This week's Torah portion, Teruma, opens with G-d's command to Moses: "Speak to the Children of Israel, that they may bring me a contribution, from every one whose heart prompts him...gold, and silver and copper. "As we find out further in the Torah reading, the Jews responded in droves,donating much of their wealth for the purpose of erecting the Tabernacle inthe desert. Vast amounts of precious metal were amassed, necessary for making all ofthe Tabernacle's many implements.Obviously, the person who don ates gold is at a higher level than one whodonates silver or copper - commodities that are worth far less. Our Sages interpreted the contribution of each metal as symbolic of thedifferent levels that exist in the giving of tzedaka (charity).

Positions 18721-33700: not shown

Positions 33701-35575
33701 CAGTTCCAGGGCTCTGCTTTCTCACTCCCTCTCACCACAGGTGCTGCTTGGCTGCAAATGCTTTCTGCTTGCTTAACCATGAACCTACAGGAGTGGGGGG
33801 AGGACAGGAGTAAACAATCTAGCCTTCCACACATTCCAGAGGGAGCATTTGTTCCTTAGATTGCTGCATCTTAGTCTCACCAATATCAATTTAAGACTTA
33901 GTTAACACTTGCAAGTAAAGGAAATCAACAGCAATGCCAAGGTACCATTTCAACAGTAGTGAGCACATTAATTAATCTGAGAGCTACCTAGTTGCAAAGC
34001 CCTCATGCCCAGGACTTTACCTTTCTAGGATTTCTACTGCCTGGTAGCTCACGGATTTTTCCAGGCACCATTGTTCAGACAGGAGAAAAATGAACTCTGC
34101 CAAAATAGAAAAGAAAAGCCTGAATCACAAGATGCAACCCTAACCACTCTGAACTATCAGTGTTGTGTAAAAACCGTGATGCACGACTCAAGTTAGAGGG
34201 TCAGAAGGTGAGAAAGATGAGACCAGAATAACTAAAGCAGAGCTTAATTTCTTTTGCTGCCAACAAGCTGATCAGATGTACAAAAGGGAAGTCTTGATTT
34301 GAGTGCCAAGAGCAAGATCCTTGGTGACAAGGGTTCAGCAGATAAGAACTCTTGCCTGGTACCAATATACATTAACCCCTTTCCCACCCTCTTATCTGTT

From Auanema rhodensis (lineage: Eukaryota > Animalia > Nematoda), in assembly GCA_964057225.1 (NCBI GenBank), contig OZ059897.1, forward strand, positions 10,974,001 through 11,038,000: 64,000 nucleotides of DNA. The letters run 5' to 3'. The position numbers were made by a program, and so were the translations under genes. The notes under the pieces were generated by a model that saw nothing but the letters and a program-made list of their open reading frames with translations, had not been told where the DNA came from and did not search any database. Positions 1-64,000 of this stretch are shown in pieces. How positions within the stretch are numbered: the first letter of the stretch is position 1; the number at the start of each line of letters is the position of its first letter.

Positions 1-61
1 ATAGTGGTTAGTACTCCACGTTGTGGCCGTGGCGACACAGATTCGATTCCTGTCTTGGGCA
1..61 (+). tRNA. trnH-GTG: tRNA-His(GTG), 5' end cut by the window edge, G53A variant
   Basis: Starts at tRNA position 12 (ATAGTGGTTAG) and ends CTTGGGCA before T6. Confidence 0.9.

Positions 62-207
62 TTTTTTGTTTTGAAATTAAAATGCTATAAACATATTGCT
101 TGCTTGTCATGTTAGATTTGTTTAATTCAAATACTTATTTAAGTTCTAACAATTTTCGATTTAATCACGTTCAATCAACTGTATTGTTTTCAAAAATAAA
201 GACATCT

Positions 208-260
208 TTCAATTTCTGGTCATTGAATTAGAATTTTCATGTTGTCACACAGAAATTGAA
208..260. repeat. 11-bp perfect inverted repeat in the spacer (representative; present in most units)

The Hebrew word for gold is zahav, an acronym for "he who gives in fullnessof health (ze hanoten bari)." This refers to the highest level of charity,when one shares his wealth with others solely to fulfill the mitzva oftzedaka. Kesef (silver), stands for k'shey esh sakanat pachad - when a person givestzedaka because he is fearful, hoping that the merit of his charity willprevent evil from befalling him. This level of giving tzedaka is lower thanthe first, for the giver is motivated by the desire for persona l gain. The lowest level of charity is that of copper - nechoshet, the letters ofwhich stand for netinat choleh she'omer tenu - the charitable donation ofone who is ill. This person, motivated by the desire to alleviate his ownsuffering, remembers to fulfill the mitzva of tzedaka only when he himselfis in pain, hoping thereby to alleviate his misery. On a deeper level, the differences between gold, silver and coppersymbolize the differences between the First, Second and Third Holy Temples. Gold, the most precious metal, alludes to the First Holy Temple, the mostperfect and complete of G-d's dwelling places. Silver, although valuable, is worth far less than gold. This alludes tothe Second Holy Temple, which was missing five items present in the First,among them the Ark of the Covenant.